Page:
I went on vacation with my sister and at the same time was training for a half marathon, so one of the days I ran on the treadmill in the hotel gym. It ended up being a total nightmare because for all the amenities and technology in the gym, there were no opening windows, temperature controls, or fans. It was stuffy and hot and I didn’t last long in there, let alone go back any other day. But as I was simultaneously running, listening to techno on my ipod, and watching CNN, I was looking at the walls which were made up of mirrors on all sides. I could see dozens of reflections of myself going off in all directions. In spite of the techno and the running it reminded me of the mirrors in the sealing room of the temple.
Mormon’s believe that when you are married in a temple of the Church of Jesus Christ of Latter-Day Saints, you are “sealed” to your spouse for eternity. This means that you will be able to live together in the next life and throughout eternity. When you have children, they are automatically sealed to the two of you, enabling you to be with them forever as well. The sealing room has mirrors facing each other on opposite walls so that when you and your spouse look into those mirrors together you see your reflection going on forever in both directions, symbolizing the endless numbers of people you can be sealed to, both your ancestors and your posterity. It’s a beautiful symbol for a beautiful doctrine. It’s also a sobering reminder that you are just one link in an eternal chain of family, and that what you do affects all of the others who come after you.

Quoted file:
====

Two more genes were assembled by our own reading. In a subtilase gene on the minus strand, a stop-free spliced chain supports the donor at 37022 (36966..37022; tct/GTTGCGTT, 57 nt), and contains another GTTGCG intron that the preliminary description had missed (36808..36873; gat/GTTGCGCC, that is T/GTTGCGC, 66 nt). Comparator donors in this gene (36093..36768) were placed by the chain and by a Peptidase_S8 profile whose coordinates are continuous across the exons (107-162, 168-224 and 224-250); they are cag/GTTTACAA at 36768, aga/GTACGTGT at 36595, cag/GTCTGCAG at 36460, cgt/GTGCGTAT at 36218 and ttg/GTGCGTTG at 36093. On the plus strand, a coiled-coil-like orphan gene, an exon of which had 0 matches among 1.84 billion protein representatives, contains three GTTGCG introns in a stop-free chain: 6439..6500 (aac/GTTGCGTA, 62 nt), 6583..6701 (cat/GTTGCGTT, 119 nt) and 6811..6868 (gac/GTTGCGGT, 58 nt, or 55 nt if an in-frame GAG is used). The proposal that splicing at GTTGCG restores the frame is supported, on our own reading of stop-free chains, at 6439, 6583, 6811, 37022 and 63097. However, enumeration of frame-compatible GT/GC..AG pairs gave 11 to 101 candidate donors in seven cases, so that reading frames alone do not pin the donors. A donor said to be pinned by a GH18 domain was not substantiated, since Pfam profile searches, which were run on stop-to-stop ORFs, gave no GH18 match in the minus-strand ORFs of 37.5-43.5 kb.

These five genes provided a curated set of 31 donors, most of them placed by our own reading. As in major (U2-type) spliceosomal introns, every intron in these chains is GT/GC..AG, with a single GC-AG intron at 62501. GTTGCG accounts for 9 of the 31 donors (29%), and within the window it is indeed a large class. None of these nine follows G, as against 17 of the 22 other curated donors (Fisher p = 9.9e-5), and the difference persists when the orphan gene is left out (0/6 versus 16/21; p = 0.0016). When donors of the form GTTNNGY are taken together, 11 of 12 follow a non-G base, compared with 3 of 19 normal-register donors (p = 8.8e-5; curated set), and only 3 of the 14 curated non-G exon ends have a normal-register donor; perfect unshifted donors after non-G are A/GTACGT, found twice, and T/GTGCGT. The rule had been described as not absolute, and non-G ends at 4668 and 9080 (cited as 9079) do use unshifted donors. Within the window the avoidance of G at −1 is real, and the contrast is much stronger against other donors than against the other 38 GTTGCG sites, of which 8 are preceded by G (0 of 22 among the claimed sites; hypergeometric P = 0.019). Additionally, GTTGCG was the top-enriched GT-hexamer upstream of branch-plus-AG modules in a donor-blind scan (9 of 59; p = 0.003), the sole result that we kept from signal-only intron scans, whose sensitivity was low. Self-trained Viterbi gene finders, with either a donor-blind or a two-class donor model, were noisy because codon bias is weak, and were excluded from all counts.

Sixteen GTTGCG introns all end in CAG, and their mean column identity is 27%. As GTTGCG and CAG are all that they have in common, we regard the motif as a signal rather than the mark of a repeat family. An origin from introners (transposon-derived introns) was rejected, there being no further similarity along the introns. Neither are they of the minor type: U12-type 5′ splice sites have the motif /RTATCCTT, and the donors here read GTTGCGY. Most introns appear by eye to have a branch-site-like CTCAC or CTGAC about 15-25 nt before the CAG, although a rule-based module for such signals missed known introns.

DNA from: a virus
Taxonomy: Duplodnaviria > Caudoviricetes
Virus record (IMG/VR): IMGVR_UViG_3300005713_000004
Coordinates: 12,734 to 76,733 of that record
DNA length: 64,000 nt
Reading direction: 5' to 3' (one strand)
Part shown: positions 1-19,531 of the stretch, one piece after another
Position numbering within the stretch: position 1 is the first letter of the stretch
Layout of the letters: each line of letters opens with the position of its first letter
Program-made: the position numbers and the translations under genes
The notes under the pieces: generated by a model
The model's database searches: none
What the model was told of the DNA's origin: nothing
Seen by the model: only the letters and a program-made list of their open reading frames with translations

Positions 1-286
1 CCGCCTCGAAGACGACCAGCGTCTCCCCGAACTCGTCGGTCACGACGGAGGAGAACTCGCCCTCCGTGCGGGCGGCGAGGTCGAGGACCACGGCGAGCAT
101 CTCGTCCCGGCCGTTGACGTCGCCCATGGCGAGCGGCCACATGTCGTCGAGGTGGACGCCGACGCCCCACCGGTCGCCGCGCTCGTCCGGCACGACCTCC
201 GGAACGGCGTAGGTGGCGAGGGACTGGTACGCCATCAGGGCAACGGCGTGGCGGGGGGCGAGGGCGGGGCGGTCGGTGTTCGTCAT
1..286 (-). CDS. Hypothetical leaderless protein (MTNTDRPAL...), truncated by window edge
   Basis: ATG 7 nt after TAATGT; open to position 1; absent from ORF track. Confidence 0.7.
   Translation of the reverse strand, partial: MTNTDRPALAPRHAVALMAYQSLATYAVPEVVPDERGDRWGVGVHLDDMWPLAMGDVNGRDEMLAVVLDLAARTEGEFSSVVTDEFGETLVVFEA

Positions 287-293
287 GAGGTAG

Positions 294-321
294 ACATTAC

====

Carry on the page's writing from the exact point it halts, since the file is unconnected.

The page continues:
As I was pondering this in the gym and watching my overweight body pounding away at the treadmill in a skin-tight exercise outfit (hey, it keeps the chafing at bay), I saw this reflection of myself going on and on and on. I was grateful no one else was there to see me, but I also had a small twinge of satisfaction. I am usually the self-loathing type, but for a moment I was proud of myself for working out despite how grueling it is. Having a habit of exercise is a good example for my kids. It shows them how important it is to keep your body as healthy as possible (I’m working on it) and that sometimes you have to do things that are hard, even when you don’t want to. Once when I dropped Big Girl off at the local gym’s child care, she asked me if when she was older, she would be able to work out too.
Continuing to exercise throughout my life will encourage my children to do the same, which will hopefully encourage their children, and so on. It felt good to realize that I can be a strong link in my eternal family chain that could set my descendants on a path to good health and self-discipline. A mirrored gym, while unflattering, is a good reminder that our good habits aren’t just for ourselves. They can be a good influence on our kids and can be a benefit to others for generations to come.